In the 21st century, our home video options include streaming, and — for the dedicated collector or aficionado — DVD and Blu-Ray discs.
But if history had gone just a bit differently, the 1980s would have been the great decade not of VHS (after that format vanquished Betamax…), but the decade of MCA Disco-Vision, RCA Select-a-vision, or even JVC’s VHD (Video High Density) System.
These were the contenders in the arena, and they were all slightly different from one another.
The Select-a-Vision from RCA, for example, was termed a Capacitance Electronic Disc (CED) system. The CED discs were large scale, just like old fashioned phonographs, or records, and operated on a needle and groove system. Movies on a record album? Yep, that’s it in a nut-shell.
Although the CED technology was invented as early as 1964, CED movies were not released on the market until 1981. Like laser discs of later vintage, these CEDS could only hold sixty-minutes of data per side, meaning that movies had to be stopped and the discs flipped in mid-progress. The CED system was discontinued in 1986 after poor sales. And yet, in the early 1980s, before VHS took off, Sears, Montgomery Ward and other retailers anticipated that it was CED that would win the home video revolution.
The VHD System, from JVC (a subsidiary of Matsushita) was unveiled in 1979 and marketed in the early 1980s. These discs used a stylus (like the CED), but the discs were groove-less, a factor believed to diminish visual hiccups on playback.
The VHD system was marketed as the low-cost alternative to laser discs. The pitch was: “More to see! More to Hear! More to Learn! More to Share! More to Experience!” A “universe of excitement” was promised.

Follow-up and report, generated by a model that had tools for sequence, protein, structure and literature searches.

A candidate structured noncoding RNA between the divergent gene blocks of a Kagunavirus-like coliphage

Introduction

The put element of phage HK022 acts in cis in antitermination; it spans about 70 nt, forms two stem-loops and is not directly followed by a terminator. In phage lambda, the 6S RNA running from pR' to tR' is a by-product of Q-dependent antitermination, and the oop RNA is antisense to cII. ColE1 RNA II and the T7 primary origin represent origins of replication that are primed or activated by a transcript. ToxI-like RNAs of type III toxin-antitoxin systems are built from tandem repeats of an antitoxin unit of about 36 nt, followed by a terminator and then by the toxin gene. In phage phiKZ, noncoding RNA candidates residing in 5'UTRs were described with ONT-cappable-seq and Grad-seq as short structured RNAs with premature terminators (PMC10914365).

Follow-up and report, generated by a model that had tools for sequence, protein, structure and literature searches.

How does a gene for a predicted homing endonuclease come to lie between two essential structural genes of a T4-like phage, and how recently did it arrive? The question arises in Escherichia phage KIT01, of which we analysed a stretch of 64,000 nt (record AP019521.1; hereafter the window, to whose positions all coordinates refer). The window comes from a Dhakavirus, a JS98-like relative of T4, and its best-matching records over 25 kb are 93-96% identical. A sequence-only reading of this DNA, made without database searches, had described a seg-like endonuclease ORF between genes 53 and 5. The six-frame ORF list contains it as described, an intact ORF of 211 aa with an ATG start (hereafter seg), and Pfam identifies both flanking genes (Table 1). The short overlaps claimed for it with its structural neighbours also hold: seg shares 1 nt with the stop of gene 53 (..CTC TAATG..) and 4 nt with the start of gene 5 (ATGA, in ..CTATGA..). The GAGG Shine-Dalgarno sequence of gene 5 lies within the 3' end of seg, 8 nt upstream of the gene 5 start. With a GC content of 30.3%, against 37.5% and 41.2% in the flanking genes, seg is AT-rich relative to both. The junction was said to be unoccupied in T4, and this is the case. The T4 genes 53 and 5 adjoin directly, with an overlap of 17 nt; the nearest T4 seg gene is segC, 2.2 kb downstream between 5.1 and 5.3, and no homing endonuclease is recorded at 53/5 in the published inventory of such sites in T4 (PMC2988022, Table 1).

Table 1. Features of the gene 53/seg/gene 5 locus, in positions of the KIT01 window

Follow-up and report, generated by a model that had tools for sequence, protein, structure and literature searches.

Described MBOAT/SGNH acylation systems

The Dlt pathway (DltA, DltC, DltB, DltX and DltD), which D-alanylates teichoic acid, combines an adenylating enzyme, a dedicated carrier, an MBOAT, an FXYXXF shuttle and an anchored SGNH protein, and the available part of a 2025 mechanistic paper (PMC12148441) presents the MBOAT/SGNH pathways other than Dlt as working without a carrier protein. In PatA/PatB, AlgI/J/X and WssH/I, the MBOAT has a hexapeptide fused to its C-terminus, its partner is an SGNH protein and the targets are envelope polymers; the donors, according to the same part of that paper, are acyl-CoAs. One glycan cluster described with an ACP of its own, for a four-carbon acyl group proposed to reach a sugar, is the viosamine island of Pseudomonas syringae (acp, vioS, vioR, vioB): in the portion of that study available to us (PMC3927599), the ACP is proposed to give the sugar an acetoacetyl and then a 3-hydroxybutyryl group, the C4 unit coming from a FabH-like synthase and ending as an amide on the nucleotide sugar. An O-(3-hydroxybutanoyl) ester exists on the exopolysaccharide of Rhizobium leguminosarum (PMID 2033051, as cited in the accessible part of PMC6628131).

MCA Disco-Vision, also known as the Video Disc System, premiered in 1978, and since MCA owned Universal Studios, a good number of Universal movies (including Jaws  and Buck Rogers in the 25th Century ) made their way to this format.
The Disco-vision format was adopted for the Laser Disc, which soon became the primary disc alternative for those who were not infatuated with VHS format. During the mid-1980s, film lovers, scholars, and critics began to see and understand the inherent limitations of the VHS home-video format — including cropping and pan-and-scan technologies — and opted for expensive laser disc instead. I know, because I was one of those film lovers who did so, in the nineties owned two Pioneer Laserdisc players and a library over two hundred movies and TV episodes (including a near complete-run of Space: 1999 episodes).
One of the tremendous benefits of the laser disc “optical storage” medium was that, as a collector’s format, it almost universally featured films in their original, theatrical widescreen ratio. You didn’t losing anything of value, frame-wise, and the picture was crystal clear.
Laserdiscs were wonderful as well, for their capacity to navigate frame-by-frame (in CAV mode, anyway). If you enjoyed looking at director’s compositions, or studying special effects, this was an amazing valuable tool.
Laserdiscs could also feature a host of extras outside the film itself, both on the discs and on the over-sized, record album-like packaging. The laserdisc for Aliens (1986) and The Abyss (1989), for instance, featured extended cuts of the film not available elsewhere.
This is kind of “extra” taken for granted in today’s environment of DVD and Blu Rays, but in the 1990s, especially, laserdiscs were the only game in town for “gourmet” video collectors.
It is fair to say that the MCA Discovision (eventually Laser Discs) won the disc war of the 1980s, but still fell to (inferior quality) VHS in terms of popularity. One study conducted by the industry suggested that by the end of the 1990s, only 2% of homes in America even had laser disc players (10% in Japan).
Of course, video discs came back with a vengeance with DVDs in the 2000s, and might accurately be termed children of the laserdisc format.
Alas, those old big disc formats of the 1980s, proved either affordable or popular.
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